From the Publisher
"A brilliantly documented, rivetingly written account of a great city's descent into hell."Frederic Morton, author of Thunder at Twilight: Vienna 1913/1914 and A Nervous Splendor: Vienna 1888-1889
"Weyr explores the Austrian capital's fall from its exalted position during World War II in this thorough and often personal account.... Intermixes personal interviews, newspaper accounts, and a range of secondary sources to evoke a sense of life in Vienna during World War II.... The only study of its kind."Library Journal
"A powerful account and analysis of Vienna's decline.... Weyr ably combines the mainline record with revealing anecdotes that highlight the fate of the Jews, Viennese demoralization, and the Reich's decline and rampant corruption."Foreword Magazine
"Tom Weyr has written an excruciatingly lucid and elucidating history of the events and personalities in Hitler's Vienna which, sixty plus years ago, murdered those of us who failed to get away. "Lore Segal, author of Other People's Houses and Her First American
"Who would have thought that a book on recent Viennese history could be exciting and fascinating? Weyr writes so well, with such intimate knowledge, that the book pulls you along. It seems to me that after reading this there can be no more discussion about whether the Austrians were victims or willing accomplices in Hitler's war. Particularly, the scenes in Berchtesgaden, the Berlin Chancellery and the phone calls involving Goering and Hitler add shattering insights into the history of World War II. Weyr explores a relatively unknown corner of recent history, and he does it superbly."Cornelia Bessie, Bessie Books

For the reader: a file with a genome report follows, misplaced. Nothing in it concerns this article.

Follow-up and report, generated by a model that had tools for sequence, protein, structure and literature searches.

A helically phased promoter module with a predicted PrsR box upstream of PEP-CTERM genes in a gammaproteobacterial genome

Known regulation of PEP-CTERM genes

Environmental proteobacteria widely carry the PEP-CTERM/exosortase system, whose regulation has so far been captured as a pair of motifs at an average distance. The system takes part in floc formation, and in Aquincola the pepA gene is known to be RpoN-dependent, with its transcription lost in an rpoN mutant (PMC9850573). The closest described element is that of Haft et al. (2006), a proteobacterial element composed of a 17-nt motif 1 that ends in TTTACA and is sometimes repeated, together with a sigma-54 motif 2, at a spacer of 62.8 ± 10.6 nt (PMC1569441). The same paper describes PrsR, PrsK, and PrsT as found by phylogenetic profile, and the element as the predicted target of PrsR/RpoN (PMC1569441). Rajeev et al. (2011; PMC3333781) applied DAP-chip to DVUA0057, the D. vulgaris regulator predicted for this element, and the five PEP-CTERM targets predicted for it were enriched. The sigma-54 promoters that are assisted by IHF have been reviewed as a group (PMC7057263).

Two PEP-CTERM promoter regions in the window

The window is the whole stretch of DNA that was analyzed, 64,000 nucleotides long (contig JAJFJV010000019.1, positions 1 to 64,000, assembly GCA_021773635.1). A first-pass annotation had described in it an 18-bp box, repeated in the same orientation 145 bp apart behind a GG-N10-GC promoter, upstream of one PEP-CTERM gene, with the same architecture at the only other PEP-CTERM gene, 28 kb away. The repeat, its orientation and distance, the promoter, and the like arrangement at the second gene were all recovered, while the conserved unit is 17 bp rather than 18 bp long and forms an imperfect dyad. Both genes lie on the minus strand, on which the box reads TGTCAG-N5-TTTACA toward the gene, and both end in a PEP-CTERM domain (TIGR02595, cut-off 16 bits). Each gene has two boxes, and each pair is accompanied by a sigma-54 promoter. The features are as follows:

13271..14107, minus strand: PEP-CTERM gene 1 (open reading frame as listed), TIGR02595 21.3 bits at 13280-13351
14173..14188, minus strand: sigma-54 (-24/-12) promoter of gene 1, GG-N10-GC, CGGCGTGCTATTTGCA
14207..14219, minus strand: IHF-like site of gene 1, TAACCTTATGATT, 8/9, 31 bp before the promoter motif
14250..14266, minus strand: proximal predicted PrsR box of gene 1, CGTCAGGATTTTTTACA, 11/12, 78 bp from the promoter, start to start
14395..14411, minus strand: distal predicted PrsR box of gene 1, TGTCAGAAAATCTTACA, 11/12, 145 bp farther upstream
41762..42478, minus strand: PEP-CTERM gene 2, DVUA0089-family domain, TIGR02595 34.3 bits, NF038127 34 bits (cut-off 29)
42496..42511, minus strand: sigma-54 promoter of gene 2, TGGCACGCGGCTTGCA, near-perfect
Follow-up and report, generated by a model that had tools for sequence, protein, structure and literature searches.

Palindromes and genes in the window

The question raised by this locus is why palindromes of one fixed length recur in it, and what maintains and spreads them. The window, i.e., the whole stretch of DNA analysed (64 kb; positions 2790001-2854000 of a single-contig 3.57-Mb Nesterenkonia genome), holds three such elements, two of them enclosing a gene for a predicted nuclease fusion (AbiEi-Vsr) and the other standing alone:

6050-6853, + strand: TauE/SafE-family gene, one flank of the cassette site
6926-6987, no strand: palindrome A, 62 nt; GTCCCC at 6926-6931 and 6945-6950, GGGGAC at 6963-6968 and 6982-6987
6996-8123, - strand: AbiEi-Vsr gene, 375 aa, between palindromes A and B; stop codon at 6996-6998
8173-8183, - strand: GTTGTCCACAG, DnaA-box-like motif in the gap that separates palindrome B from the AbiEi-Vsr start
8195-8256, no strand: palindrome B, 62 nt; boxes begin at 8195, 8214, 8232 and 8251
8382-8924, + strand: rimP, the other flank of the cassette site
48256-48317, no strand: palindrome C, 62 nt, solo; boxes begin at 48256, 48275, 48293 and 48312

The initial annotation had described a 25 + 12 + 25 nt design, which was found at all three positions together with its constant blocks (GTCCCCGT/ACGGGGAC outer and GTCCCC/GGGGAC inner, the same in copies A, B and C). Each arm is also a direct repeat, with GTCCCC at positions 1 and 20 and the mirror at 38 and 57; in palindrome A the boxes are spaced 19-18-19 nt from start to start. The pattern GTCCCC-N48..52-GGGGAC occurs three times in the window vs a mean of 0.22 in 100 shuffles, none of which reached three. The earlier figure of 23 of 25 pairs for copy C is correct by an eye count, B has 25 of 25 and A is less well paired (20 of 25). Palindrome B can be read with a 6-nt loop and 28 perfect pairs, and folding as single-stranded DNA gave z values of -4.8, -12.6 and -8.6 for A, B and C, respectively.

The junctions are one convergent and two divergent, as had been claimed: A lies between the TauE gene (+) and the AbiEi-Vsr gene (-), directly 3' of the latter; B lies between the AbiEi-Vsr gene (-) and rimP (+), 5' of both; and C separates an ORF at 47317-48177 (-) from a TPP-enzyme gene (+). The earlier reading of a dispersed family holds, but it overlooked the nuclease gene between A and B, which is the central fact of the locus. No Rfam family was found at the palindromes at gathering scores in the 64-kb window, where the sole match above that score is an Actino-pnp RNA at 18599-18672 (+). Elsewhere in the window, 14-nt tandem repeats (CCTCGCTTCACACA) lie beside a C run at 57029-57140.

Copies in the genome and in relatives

Even before the end of WWII, the Allies declared Austria the first victim of German aggression. Austrians have savored this designation, which gave them a halo of innocence and spared them the full force of postwar occupation and control. Weyr isn't so sure the Austrians deserved to be so well treated. In this fast-paced chronicle of the destruction of the city's cultural and political life, he shows that most Austrians happily accepted the 1938 union with Germany and the benefits of the pillaging of Europe in the war's first years. Many Viennese exercised their basest instincts through the public humiliation of Jews. For Weyr, Nazi domination led to the destruction of the glittering culture of Vienna, the city of Freud, Klimt, Loos and so many other intellectual and artistic luminaries. That city had been, Weyr says, "largely a Jewish creation," the fruit of a multiethnic, tolerant milieu. Weyr, a native of Vienna and longtime reporter for UPI and Newsweek, mourns the passing of that world as he provides a decent account of the city's history, drawing on memoirs and autobiographies that give the work a rich texture. But to gain deeper understanding of Viennese culture and the effects of Nazi rule, readers are better off with the notable studies by Carl Schorske, Gary B. Cohen, Evan Bukey, Marsha Rozenblitt and others. 25 b&w illus. Agent, Carl Brandt. (Feb.) Copyright 2004 Reed Business Information.